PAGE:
Twenty-five year ago, business-sponsored education reform began, calling itself a champion of racial equity and bringing standardized testing, school takeovers and closings, charter schools, top-down accountability measures, loss of recess, and diminished time for science, social studies and electives. Across the country and in Brookline, it has been a failure for students of color. As is inevitable, scores have plateaued and gaps persist between youth of color and their white counterparts. Brookline is now doubling-down on this flawed approach, hiring more administrators to move the needle on metrics. “Restorative Justice” is being discussed, but not yet how it will be fit into the stressful, over-scheduled, metric-driven school days. Administrators say that if psychological racial bias is eliminated and everyone perseveres, students of color can, and will, catch up with their more advantaged peers. But what if the metric-driven definition of success is actually exacerbating racial disadvantage, not diminishing it? There is little opportunity to question whether the prevailing definitions of achievement are getting us the schools our students deserve.
Last winter, four of us, all Brookline educators, visited NYC to meet teachers, students who are working with the community to seize on a principle borrowed from the disability rights movement: “nothing about us without us.” They are using Critical Participatory Action Research. The approach is premised on a belief in all people’s right to research. Together, they are questioning how schools empower students and how they diminish or marginalize them. In the process, they are generating their own goals for their schools and calling out expectations that ignore their voices and dreams. Working cross generationally, they are helping to design schooling that connects classrooms to the school, and school to the neighborhood and larger society. The unionized teachers have collectively bargained school day schedules and their role in designing transformative culture rooted in restorative justice practices. Students have time and space to help teach adults and one another how to respect and partner with one another in creating a just learning community that honors not only different cultures but also different kinds of educational knowledge and practice.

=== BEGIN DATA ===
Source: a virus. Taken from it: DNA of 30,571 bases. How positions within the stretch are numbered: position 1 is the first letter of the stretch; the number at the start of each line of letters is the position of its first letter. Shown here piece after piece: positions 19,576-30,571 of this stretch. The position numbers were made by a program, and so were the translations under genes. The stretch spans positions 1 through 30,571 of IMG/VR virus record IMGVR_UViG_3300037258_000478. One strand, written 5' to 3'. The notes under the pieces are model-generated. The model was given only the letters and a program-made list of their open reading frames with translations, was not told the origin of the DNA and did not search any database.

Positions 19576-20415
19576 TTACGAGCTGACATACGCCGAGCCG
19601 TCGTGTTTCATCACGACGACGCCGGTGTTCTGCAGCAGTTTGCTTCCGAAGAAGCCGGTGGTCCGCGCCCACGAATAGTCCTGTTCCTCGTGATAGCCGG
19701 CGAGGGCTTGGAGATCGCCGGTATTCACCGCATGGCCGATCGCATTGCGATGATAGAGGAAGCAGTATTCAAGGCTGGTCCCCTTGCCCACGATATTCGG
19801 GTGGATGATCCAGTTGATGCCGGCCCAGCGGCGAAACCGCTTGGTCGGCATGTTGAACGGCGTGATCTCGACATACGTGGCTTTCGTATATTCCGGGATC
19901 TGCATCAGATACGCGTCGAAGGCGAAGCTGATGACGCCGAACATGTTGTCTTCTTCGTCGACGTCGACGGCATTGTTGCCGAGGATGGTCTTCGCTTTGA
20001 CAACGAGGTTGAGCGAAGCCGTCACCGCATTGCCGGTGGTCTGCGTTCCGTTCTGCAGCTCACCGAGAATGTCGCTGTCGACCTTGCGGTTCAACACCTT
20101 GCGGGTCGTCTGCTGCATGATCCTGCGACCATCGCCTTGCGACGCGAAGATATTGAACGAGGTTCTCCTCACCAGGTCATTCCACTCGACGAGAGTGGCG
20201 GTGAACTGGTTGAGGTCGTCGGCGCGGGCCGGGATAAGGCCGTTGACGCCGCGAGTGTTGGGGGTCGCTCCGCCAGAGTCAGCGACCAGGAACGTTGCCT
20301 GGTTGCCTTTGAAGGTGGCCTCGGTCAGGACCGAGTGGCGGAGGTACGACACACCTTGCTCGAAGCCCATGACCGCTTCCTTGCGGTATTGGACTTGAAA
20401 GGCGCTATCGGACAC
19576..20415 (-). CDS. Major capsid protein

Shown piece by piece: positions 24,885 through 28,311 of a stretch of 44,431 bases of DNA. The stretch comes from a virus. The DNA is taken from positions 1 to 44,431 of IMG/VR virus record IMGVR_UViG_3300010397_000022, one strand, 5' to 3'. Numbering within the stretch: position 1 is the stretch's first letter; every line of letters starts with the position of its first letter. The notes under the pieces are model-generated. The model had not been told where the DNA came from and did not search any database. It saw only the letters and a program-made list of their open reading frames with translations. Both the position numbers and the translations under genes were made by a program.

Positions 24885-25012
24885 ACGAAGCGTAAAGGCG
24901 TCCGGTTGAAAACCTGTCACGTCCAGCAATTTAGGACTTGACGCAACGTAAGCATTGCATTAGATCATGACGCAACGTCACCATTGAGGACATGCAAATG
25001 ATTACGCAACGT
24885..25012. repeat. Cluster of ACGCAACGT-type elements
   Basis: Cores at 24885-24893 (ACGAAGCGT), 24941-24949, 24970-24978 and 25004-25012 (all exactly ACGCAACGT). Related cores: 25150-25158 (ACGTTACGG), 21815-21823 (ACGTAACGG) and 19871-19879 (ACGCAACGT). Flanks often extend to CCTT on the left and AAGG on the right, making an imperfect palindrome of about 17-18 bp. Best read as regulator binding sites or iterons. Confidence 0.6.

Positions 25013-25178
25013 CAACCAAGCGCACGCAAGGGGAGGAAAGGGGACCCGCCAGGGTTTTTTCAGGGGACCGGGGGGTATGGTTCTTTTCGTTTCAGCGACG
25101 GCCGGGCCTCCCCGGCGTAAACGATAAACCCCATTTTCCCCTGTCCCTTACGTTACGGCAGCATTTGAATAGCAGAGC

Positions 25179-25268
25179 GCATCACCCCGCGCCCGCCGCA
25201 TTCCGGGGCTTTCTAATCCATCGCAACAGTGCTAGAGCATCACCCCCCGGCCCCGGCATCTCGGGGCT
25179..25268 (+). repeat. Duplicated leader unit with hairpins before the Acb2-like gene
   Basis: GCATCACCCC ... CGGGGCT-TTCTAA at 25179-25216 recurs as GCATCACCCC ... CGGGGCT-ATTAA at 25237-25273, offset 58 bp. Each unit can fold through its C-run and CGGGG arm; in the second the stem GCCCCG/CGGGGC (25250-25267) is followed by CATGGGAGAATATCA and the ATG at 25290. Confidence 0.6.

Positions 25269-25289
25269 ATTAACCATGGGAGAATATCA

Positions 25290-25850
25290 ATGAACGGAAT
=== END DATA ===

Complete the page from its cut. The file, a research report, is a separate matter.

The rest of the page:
We are now launching our own CPAR project in Brookline with the help of Professor Patricia Krueger-Henney from UMASS Boston. The approach sees people as experts on their own lives, and communities as capable of doing strong, critical analyses of systems. We invite you to learn more about it and join us. This fall, about twenty Brookline community members—parents, students, educators, and others—will join together as “co-researchers” to consider questions such as:
- In an ideal world, what would schools look like?
- What is already working and should be prioritized?
- What issues affecting preK-12+ students are most pressing?
- What practices and priorities are keeping Brookline schools from being places of joy for children and adults alike?
- What changes would make our schools places that continually foster a love of learning for all involved?
- Whose voices are missing when decisions about our schools are being made, and how do we empower those voices to create schools our communities deserve?
Co-researchers will decide collaboratively on the most urgent issues, and then collect data through conversations with people who are most affected.
The findings will be shared with the school committee, the BEU, the administration, students, parents, and others. Young people will be offered the opportunity to express what they have learned through art. The BEU plans to use the research findings to inform the development of proposals for the next round of contract negotiations with the Brookline School Committee.
We envision a school system that belongs to us as community members, students, parents, and educators, and that embraces the knowledge, vision and solutions that come from listening to all voices.
JOIN US FOR AN INFORMATION SESSION TO LEARN MORE!
PICK ONE OF TWO SESSIONS ON WEDNESDAY, OCTOBER 17
BOTH AT BIG (BROOKLINE INTERACTIVE GROUP STUDIOS)
Brookline High School Industrial Arts Building, top floor
46 Tappan Street (next to Brookline Hills T)
FOR INFO, OR TO RSVP, EMAIL US HERE. (Nothing.email@example.com)
Michelle Crawford-Cranmore; Remy Fernández-O’Brien; Bob Miller; Jason Murray, Jessica Wender-Shubow